DOI: 10.7208/chicago/9780226580593.001.0001Save Citation »Export Citation »E-mail Citation »

                                                                                          This is the first work to make constructive use of second-order patterns in linguistic data, e.g., measures of the diversity versus uniformity seen in certain linguistic parameters, as well as the global location of certain typological features of languages, and to draw historical conclusions about human migration.

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                                                                                          • Pagel, Mark. 2000. The history, rate and pattern of world linguistic evolution. In The evolutionary emergence of language: Social function and the origins of linguistic form. Edited by C. Knight, M. Studdert-Kennedy, and J. Hurford, 391–416. New York: Cambridge Univ. Press.

                                                                                            DOI: 10.1017/CBO9780511606441Save Citation »Export Citation »E-mail Citation »

                                                                                            This draws meaning from mathematical models of the number and pattern of the world’s languages in pre-history.

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                                                                                            Premodern

                                                                                            In the premodern period the linguist can focus on named languages, and from their direct written evidence see how languages have succeeded one another. Dalby 2002 expatiates on Europe’s language diversity before the leveling effect of the Roman Empire. Ostler 2005 gives an overall view of the spread of languages round the world. Gómez Mango de Carriquiry 1995 considers language shift as a result of the encounters of Spanish with the languages of the New World. Price 2000 considers the layers of linguistic history in the British Isles. Bauer 1996 ponders the shift from Gaulish to Latin in western Europe. Berndt 1969 charts the degrees of shift around the encounter of English with Norman French. Wolff 1971 charts the replacements for Latin in western Europe and Wright 1982 considers in greater detail how the survival of Latin as a learned lingua franca was mediated into the late Middle Ages of Europe.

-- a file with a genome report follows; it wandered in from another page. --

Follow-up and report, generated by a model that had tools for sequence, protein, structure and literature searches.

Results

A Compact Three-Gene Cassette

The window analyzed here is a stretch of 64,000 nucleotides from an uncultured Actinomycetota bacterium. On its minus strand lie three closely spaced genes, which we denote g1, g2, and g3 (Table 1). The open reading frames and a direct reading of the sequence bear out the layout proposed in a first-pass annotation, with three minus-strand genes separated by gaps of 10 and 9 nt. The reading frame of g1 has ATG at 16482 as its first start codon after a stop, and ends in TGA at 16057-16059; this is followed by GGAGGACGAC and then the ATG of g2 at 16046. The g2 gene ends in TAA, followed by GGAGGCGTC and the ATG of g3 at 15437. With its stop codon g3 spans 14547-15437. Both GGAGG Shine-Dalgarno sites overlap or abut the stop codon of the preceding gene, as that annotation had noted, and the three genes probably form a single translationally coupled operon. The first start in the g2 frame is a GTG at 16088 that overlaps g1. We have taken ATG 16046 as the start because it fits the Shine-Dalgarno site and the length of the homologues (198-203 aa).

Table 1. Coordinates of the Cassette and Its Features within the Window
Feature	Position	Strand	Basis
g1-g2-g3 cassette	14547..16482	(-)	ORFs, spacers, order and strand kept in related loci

• Bauer, Brigitte L. M. 1996. Language loss in Gaul: Socio-historical and linguistic factors in language conflict. Southwest Journal of Linguistics xv.1–2: 23–44.

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                                                                                              Notes on the replacement of Gaulish by Latin, and the curious similarity between the languages which facilitated the shift.

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                                                                                              • Berndt, Rolf. 1969. The linguistic situation in England from the Norman Conquest to the loss of Normandy. In Approaches to English historical linguistics. Edited by Roger Lass, 369–391. New York: Holt, Rinehart and Winston.

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                                                                                                Lists multiple reasons why French had little or no chance of spreading to replace English after the Norman conquest of England.

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                                                                                                • Dalby, Andrew. 2002. Language in danger. London: Penguin.

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                                                                                                  This leads from a sense of the recorded language history of Europe to the predicament of language diversity in the present age.